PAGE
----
3 Utahns off Moon hook

Disciple of leader admits trio didn’t help host event

WASHINGTON A top disciple of the Rev. Sun Myung Moon conceded Wednesday that the group did not have clear permission to list three prominent Utahns as helping host a dinner where Moon proclaimed himself the Messiah.

The concession was an about-face from claims made earlier in the day that Rep. Chris Cannon, R-Utah, state Sen. Howard Stephenson, R-Draper, and businessman Stephen Covey fibbed in denying they were not host committee members for the March 23 event, where Moon was dressed in a gold crown and royal robes as a king of peace.

When the Utahns cried foul, the Moon officials changed their story.

“Though we did not intend to misuse the names of any of our friends, we did not communicate properly,” the Rev. Michael Jenkins, president of Moon’s Family Federation for World Peace and Unification USA, said in a written statement.

Earlier in the day Moon allies called a National Press Club press conference to address what they said were press distortions of the event. Jenkins said that the Utahns initially gave permission for use of their names but then later denied it to the press amid mounting political pressure.

A Cult of Christianity

Deception has always been one of the hallmarks of the Unification Church
Theologically, the Unification Church is, at best, a cult of Christianity. It does not represent historical, biblical Christianity in any way. Leader Sun Myung Moon’s theology can only be described as insane.
Given the fact that the Unification Church rejects the essential doctrines of the Christian faith, teaches heresy, and engages in unbiblical practices, Christian churches can not have unity and/or any form of cooperation with the Unification Church or its front groups.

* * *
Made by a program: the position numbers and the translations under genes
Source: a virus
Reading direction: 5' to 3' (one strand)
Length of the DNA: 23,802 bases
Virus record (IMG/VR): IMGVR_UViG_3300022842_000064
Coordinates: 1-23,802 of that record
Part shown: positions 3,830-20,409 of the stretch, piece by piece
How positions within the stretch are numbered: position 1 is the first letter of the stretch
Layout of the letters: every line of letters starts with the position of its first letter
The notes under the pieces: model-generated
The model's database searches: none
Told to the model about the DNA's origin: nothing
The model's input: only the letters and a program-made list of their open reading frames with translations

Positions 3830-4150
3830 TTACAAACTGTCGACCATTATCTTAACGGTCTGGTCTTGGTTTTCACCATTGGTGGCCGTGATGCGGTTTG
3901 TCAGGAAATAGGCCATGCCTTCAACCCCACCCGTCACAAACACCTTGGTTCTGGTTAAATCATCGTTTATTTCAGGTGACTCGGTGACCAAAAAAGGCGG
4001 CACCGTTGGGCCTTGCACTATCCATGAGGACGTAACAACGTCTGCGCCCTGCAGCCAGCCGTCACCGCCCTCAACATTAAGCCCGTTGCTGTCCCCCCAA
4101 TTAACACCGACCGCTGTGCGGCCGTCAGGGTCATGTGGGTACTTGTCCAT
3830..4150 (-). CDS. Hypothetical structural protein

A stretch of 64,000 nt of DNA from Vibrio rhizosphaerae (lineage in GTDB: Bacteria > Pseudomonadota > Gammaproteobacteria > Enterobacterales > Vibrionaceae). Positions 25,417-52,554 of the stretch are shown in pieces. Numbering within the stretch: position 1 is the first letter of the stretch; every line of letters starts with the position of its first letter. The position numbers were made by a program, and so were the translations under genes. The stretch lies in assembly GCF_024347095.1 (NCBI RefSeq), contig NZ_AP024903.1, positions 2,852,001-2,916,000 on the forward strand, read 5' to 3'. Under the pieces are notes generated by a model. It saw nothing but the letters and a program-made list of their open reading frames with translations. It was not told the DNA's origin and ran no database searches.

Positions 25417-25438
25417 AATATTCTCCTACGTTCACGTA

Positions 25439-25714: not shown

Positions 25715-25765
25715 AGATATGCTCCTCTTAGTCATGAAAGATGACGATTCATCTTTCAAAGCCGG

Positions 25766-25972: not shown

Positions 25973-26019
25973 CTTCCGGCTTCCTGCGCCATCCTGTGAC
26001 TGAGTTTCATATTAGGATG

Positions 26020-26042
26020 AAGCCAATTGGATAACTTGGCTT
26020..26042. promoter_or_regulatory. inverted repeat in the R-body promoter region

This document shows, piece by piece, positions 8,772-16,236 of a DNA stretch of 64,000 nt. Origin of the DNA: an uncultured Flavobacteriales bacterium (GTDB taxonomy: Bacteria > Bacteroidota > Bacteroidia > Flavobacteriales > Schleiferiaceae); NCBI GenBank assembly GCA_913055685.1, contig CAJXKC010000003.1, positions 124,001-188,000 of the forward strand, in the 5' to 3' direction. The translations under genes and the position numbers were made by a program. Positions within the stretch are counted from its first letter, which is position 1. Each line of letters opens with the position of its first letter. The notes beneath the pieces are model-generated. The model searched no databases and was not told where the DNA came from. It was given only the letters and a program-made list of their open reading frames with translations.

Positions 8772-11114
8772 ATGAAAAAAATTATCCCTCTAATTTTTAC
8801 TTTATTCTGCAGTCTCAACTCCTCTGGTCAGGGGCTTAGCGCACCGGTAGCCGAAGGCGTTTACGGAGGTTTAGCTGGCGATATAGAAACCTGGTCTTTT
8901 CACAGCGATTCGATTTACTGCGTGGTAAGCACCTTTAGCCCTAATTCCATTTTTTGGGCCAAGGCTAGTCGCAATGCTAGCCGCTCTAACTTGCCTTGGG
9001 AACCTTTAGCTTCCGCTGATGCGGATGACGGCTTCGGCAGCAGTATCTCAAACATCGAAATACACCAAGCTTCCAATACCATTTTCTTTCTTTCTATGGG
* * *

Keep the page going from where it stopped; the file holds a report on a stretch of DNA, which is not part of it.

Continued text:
“They had been actually co-sponsors of many events. And as far as we understood, we had the full support to go forward with this event. We honor them and thank them for their support, but we also believe that the heat got too hot,” Jenkins said.

Archbishop George Augustus Stallings Jr., founder of the Imani Temple African-American Catholic Church and co-chair with Jenkins of a Moon peace group that sponsored the dinner, also said at the press conference that dinner sponsors contacted everyone listed in its program and obtained permission to use their names.

“That’s not accurate,” said Meghan Riding, press secretary for Cannon.

“Somebody did call and talk to our scheduler (about being a dinner sponsor). She said she did not have the authority to allow that to happen, and said, ‘We’ll have to get back to you.’ They took that as a yes, but clearly it was not. A yes was never given,” Riding said.

Also contrary to Jenkins’ assertion, she said Cannon never sponsored or gave permission for use of his name for any Moon-related event. She said he did attend a February dinner where Stephenson was given an award. “He attended it, but that does not mean he was a co-sponsor,” she said.